An OK Day in Pasadena

Times Staff Writer

It was only a fluke, a quirk of the convoluted BCS machinery, that put Oklahoma in the Rose Bowl on New Year's Day.

The Sooners came in place of the customary Big Ten representative. They had never made the trip to Pasadena before and, as far as they knew, might never be back.

So, as linebacker Teddy Lehman said, "We wanted to enjoy ourselves while we had the chance."

That enjoyment came at the expense of Washington State -- and a big chunk of the viewing audience -- as Oklahoma rolled to a 34-14 victory that was more lopsided than the score suggests.

The eighth-ranked Sooners won with a fast, blitzing defense that sacked Cougar quarterback Jason Gesser six times and hurried him into two interceptions.

They won with efficient play from their own quarterback, Nate Hybl, and a ground game that started slowly but kept pounding until running back Quentin Griffin had 144 yards and a touchdown.

Such was their dominance over the seventh-ranked Cougars that Coach Bob Stoops mused afterward, "I'm disappointed we didn't shut them out."

Washington State players resembled deer caught in the headlights.

"We just couldn't put anything together," Cougar offensive lineman Derrick Roche said. "We were missing assignments, missing blocks, just going out there and having no idea what just happened."

As if the mismatch weren't bad enough, it was played in a stadium marked by the unusual sight of empty seats, blocks of them, the announced attendance of 86,848 smaller than any Rose Bowl crowd since 1944.

Tournament of Roses executives, accustomed to sellouts, hinted at a low turnout by Washington State fans. Oklahoma, on the other hand, sold more than its allotment of tickets.

And while the Sooners quickly gave their contingent something to cheer about, driving for a 45-yard field goal on the game's opening possession, Washington State struggled to get started.

Sometimes the Cougars were stopped by a defense predicated on blitzing and forcing the action. Sometimes they shot themselves in the foot with a penalty or turnover. Sometimes their mistakes were subtle.

Consider a second-quarter play when Gesser threw 32 yards to Jerome Riley. As Riley sprinted upfield, his teammate Devard Darling flattened Lehman with a blindside block, then made a show of celebrating.

"That got me mad," Lehman said. "Real mad."

Probably not a good idea.

The Sooner defenders already felt unappreciated, taking heat all week for surrendering long touchdowns in losses to Texas A&M; and Oklahoma State this season. They had a chip on their shoulders as big as the San Gabriel Mountains.

"We wanted to make some plays," cornerback Andre Woolfolk said.

On the snap after Lehman was blindsided, Woolfolk intercepted a Gesser pass near the goal line. A few minutes later, he tipped a field-goal attempt just enough to make it flutter short.

Washington State was left searching for answers.

"We'd get on the sideline and say 'Is anything going to go right?' " said Gesser, who completed 17 of 34 passes for 239 yards, below his average for percentage and yards. "That was how things went today."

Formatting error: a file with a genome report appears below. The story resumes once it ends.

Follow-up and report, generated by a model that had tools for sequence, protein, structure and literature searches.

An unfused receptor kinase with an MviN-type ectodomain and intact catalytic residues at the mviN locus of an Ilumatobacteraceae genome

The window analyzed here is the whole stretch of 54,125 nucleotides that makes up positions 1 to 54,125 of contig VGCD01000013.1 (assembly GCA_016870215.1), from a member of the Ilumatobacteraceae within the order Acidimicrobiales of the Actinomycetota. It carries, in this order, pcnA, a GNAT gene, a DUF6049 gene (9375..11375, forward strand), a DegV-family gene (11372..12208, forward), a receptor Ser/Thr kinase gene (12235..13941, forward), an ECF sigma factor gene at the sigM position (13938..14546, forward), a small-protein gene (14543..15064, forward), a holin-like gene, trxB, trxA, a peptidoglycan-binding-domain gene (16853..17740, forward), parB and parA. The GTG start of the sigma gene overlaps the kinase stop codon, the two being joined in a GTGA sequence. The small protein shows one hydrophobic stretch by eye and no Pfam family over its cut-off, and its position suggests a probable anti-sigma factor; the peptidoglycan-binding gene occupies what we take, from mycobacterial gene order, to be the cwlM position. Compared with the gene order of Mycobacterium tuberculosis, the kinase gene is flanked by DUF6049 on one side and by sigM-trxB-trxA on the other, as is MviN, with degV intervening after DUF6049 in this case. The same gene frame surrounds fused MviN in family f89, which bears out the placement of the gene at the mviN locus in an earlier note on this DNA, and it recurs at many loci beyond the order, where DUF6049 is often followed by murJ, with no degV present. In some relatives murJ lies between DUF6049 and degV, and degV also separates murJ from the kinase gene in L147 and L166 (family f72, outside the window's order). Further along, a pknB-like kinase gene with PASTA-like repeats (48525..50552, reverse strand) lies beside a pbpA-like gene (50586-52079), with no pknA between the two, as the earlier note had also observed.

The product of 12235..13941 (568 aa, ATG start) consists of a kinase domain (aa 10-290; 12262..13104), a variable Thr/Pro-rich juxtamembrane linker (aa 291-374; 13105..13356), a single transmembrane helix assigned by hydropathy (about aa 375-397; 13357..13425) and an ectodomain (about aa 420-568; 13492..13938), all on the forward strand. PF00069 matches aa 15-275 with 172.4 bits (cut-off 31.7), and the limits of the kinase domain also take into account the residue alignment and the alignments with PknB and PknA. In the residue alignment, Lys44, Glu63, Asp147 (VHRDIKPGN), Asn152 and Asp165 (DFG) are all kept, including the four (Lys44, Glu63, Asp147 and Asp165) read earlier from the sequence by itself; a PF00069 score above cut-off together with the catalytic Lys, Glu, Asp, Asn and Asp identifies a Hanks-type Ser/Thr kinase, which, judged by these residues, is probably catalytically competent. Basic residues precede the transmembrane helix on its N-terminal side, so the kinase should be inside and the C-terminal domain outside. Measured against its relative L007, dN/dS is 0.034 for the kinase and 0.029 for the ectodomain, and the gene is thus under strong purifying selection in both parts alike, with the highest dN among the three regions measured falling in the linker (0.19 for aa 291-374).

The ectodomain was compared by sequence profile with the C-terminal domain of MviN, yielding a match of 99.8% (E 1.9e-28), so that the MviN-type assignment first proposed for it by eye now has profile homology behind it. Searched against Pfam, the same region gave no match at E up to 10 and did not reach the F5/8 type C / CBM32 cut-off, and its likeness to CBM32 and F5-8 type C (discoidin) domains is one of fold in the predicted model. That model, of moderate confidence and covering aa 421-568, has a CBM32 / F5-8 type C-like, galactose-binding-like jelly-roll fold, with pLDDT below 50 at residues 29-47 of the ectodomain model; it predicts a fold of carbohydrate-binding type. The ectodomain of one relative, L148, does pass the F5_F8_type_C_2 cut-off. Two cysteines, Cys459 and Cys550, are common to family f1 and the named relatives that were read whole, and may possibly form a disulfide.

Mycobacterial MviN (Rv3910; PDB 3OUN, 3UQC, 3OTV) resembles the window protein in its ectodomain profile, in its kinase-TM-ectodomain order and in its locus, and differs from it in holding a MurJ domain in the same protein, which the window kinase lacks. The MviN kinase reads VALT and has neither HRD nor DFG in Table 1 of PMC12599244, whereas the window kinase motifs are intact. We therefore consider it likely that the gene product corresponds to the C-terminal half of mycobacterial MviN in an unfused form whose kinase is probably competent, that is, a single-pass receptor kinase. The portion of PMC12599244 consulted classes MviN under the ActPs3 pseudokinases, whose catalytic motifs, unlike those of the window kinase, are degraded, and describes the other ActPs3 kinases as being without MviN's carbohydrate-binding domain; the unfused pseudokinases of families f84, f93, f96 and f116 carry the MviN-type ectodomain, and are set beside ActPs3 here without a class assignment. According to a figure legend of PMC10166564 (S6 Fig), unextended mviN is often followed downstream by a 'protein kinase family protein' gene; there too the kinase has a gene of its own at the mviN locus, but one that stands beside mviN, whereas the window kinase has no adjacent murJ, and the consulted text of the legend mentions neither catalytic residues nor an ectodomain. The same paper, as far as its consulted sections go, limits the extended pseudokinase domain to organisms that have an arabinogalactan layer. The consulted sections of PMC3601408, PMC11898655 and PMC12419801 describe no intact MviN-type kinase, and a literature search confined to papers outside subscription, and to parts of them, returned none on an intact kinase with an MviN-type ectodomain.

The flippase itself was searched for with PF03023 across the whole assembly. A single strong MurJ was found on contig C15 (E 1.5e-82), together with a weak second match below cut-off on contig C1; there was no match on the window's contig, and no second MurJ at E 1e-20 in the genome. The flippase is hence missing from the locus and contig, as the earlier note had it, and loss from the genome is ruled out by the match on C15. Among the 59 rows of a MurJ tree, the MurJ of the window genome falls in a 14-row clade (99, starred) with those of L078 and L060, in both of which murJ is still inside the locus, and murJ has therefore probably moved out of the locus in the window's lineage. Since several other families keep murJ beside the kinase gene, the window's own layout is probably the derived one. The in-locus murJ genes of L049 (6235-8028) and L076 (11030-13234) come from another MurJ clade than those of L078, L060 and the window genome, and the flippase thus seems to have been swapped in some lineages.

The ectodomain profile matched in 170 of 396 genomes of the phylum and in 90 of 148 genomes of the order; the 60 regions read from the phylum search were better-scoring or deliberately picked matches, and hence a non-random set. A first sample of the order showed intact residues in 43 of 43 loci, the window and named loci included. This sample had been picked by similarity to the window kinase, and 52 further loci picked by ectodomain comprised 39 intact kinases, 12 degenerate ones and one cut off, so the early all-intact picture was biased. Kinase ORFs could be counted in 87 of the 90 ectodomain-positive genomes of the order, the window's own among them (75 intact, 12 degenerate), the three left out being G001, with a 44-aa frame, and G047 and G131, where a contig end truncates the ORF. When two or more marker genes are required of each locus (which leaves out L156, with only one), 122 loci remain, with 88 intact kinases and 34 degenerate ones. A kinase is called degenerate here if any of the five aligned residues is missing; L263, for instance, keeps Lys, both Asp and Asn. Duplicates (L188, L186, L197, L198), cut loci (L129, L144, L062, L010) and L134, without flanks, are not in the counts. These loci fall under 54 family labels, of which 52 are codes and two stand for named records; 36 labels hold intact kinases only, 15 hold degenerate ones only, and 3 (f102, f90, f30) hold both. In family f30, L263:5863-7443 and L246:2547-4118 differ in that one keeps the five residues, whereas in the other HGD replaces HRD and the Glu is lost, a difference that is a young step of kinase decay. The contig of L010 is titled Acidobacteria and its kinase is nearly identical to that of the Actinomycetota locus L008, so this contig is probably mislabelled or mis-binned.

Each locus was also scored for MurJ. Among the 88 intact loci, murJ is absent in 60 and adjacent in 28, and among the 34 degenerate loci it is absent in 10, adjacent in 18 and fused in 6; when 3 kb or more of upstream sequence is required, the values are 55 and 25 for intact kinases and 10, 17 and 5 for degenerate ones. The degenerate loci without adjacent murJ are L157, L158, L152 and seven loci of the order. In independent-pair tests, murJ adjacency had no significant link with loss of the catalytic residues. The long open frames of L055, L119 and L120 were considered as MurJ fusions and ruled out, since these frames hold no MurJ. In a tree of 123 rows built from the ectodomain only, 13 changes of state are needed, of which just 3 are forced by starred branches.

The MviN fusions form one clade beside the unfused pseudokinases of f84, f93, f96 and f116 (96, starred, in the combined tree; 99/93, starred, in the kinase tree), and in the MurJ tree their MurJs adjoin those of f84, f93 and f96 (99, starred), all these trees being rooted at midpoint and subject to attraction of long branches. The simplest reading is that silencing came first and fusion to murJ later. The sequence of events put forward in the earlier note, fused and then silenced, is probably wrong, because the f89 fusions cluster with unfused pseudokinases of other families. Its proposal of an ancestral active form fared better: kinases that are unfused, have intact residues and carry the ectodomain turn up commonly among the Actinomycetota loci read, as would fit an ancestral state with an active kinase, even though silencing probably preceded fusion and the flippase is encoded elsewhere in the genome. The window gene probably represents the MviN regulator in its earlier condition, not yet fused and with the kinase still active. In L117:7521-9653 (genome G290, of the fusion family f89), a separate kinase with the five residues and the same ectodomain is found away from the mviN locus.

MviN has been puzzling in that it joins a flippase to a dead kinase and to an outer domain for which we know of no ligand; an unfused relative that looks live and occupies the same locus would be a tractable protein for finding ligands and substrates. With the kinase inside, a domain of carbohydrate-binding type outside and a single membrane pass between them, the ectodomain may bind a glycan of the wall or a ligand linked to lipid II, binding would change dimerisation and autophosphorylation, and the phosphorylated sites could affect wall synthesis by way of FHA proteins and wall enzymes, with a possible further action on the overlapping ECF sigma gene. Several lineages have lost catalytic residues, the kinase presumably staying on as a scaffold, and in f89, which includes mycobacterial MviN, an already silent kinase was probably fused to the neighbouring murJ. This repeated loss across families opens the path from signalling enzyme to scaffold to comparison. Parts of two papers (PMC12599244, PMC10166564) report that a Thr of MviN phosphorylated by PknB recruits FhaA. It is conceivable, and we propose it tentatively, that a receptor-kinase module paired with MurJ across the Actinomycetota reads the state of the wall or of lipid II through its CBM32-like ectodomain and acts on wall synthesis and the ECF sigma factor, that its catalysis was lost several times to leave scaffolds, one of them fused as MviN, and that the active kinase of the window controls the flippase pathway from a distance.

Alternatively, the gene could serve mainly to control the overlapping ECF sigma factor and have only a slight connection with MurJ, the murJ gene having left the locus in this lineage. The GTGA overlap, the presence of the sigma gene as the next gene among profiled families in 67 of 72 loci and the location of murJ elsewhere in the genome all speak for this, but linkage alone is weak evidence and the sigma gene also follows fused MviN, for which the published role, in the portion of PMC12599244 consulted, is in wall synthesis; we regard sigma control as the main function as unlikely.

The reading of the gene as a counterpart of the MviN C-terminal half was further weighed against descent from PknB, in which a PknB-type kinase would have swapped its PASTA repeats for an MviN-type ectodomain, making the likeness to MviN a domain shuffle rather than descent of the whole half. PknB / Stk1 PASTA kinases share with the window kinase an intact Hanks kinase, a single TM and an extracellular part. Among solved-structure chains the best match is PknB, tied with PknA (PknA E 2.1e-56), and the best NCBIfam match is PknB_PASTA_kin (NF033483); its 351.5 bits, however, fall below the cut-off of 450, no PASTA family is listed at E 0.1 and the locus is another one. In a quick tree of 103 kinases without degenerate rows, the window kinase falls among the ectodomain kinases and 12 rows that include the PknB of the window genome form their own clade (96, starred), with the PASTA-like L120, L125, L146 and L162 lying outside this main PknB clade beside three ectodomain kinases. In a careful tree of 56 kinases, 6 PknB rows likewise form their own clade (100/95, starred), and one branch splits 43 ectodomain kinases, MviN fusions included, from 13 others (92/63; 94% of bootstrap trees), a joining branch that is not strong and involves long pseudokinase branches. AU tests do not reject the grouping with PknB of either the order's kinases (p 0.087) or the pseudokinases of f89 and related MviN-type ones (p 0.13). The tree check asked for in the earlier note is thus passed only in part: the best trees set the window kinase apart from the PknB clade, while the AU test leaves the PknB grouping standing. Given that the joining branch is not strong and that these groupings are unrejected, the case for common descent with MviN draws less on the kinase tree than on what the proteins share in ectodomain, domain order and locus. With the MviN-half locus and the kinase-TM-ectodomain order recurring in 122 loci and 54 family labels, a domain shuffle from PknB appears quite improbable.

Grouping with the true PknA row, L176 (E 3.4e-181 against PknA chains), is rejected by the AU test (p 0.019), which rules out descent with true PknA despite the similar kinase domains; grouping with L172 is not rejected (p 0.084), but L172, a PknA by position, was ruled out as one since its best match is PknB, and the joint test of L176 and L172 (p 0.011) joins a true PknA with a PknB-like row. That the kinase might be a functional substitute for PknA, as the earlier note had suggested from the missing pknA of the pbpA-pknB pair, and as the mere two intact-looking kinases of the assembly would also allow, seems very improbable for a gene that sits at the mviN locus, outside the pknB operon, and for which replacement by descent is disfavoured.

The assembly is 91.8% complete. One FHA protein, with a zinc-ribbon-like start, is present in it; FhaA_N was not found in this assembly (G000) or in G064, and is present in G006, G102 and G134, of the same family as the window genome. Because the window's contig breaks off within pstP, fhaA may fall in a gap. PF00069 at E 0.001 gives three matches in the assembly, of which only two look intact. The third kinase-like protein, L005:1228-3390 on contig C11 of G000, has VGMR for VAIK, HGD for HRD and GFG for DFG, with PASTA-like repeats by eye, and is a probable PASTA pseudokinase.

Meanwhile, Oklahoma's offense was adapting. The Sooners, having won the Big 12 championship by emphasizing Griffin, now faced a defense front-loaded against the run.

"So," Hybl said, "we threw it."

The understated quarterback spent the week in the shadow of his more-heralded counterpart but pointed out that he has been pretty good at important things such as third-down conversions.

His Rose Bowl performance was no different.

Though his statistics were not fabulous -- 19 of 29 for 240 yards and two touchdowns -- Hybl was named the most valuable player because he came through in clutch situations.

In one instance, he scrambled for 10 yards and a first down. In another, throwing from the end zone, he completed a 57-yard pass to Will Peoples.

It was a third-down play that gave Oklahoma its first touchdown, Hybl lofting a 12-yard pass to Antwone Savage in the end zone.

Less than two minutes remained in the half, but the Sooners had time for another touchdown, a 51-yard punt return by Antonio Perkins.

The score was 17-0 and the game, for all intents and purposes, was over.

A big part of Washington State's problem was time of possession, Oklahoma holding the ball 15 minutes more. Those penalties hurt too, the Cougars accumulating nine for 52 yards.

"You can't do that against a good defense," Gesser said. "You've got to be flawless."

There was also the issue of Coach Mike Price, who accepted the job at Alabama in mid-December and, in a controversial decision, stuck around for this game. Critics called it a distraction.

"I'm sure I'll get my fair share of the blame," Price said.

His star defensive lineman, Rien Long, quickly stuck up for him: "People think it would be nice to have that as a cop-out. Fact is, we made too many mistakes."

One of those miscues snuffed out Washington State's last chance to close the gap.

The Cougars took the second-half kickoff deep in their territory and drove across midfield. But a Gesser pass deflected off Darling's outstretched hand and into the arms of free safety Brandon Everage.

Oklahoma converted the turnover, driving for a 30-yard field goal to make the score 20-0.

Not until the fourth quarter did the Cougars find a semblance of rhythm, Gesser clicking on a 37-yard touchdown pass to Riley and Sammy Moore returning a kickoff 89 yards for another score.

Stoops lost his shutout, but the outcome was never in doubt. Griffin found gaps in the Cougar defense, scampering for a 20-yard touchdown.

"By the end of the game," Hybl said, "I think we just wore them out."

It all added up to a memorable afternoon for the Sooners who, like tourists on a once-in-a-lifetime vacation, made the most of their visit to Southern California.

"I was really having fun," Hybl said. "It was a perfect day."

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